Dickinson College Humanities Program in Norwich

Greenwich: Forgot to Post, Sorry!

August 25, 2009 · 1 Comment

Greenwich Adventures-August 21
I woke up this morning feeling a bit overwhelmed by the amount of activities and travel planned for the day, but immediately felt at ease as we made our way to the Thames River embankment. I enjoyed watching the scenery and different types of architecture pass by as we made our way to Greenwich, and definitely felt like a tourist while taking what seemed like hundreds of pictures of Big Ben. Since I spend much of my summers in parks in New Jersey, I felt comforted by being in what seemed to be a familiar place to me. The walk helped to wake me up as well
I was most interested by the museum dealing with the creation and use of early clocks on ships. It truly amazes me that people were able to construct such intricate and elaborate instruments by hand, without the aid of computers or modern technology. I also laughed when I read that early ships planned to calculate their position in relation to other ships by firing a rocket exactly 6440 feet in the air at exactly 12am..it seems silly, but I suppose without clocks or ways to calculate latitude/longitude, it seemed logical. I feel rather inadequate when I realize that I would have absolutely no idea how to even begin to create something like these clocks from scratch, from the plans to making the parts to the actual collaboration and execution of the instrument. I’m also impressed that sailors trusted the instruments enough to actually use them while in the middle of the ocean. I know I would be nervous about being the first one to use something so important to my travels and, in essence, vitality.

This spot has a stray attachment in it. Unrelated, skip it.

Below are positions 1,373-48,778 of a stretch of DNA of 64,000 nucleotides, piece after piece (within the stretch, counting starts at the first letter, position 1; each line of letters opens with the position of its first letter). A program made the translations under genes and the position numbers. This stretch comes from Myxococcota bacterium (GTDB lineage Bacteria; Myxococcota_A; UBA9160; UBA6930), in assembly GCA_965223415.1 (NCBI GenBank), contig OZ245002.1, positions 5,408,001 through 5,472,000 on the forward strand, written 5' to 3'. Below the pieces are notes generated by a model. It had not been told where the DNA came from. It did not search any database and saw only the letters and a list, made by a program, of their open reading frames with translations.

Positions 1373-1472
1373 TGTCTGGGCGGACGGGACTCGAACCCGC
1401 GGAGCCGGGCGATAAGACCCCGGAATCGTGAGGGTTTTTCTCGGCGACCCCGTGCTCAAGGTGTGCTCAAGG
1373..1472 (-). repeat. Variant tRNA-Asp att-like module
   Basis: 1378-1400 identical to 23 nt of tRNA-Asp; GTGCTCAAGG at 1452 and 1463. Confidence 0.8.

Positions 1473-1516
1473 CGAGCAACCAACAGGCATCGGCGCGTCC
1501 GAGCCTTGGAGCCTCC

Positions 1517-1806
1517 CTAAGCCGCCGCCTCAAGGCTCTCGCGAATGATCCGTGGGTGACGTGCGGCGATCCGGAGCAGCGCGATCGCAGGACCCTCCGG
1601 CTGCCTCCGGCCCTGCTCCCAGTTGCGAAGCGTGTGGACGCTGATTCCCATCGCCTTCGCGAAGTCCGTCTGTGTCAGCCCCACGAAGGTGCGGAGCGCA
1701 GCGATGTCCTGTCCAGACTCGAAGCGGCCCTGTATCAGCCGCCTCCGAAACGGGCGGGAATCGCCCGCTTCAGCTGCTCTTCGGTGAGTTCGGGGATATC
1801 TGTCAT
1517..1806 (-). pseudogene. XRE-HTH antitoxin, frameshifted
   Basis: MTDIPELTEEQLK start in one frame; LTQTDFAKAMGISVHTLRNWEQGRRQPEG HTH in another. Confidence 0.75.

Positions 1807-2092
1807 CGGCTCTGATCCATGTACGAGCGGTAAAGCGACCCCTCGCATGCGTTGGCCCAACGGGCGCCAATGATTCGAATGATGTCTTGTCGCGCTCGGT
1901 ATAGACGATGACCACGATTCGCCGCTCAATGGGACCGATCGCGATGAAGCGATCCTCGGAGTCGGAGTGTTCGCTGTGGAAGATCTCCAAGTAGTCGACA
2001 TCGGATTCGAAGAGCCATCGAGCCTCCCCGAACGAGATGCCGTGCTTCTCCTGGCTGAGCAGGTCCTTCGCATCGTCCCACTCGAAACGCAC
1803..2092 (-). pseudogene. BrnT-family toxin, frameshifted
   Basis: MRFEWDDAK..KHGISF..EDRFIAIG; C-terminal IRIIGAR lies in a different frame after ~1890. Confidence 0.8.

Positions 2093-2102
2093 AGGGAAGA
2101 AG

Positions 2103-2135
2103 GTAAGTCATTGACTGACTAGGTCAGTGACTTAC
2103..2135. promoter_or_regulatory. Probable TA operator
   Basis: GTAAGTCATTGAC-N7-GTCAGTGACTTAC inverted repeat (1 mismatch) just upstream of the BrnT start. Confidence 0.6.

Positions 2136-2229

I also enjoyed the planetarium and was quite amused by the man running it. Despite the presentation’s humorous aspect, I left feeling like an insignificant part of an infinitely larger being. Although I had learned about the solar system and galaxies in elementary school, I don’t find much use revisiting that information with my English and psychology majors. I liked connecting the passage of time with the movement of planets, stars, and the expansion of space in general. While some of the information was jarring, it was certainly useful and thought provoking.

Categories: Amy · Uncategorized

1 response so far ↓

  •   russella // Aug 25th 2009 at 12:38

    When I saw the exhibit, I thought the exact same thing: how terrifying it must be to be the first guys to try the clock. Especially with news travelling as slowly as it did in those days. I also know what you mean about revisiting astronomic stuff, it’s easy to become focused on your major and forget how interconnected everything is.

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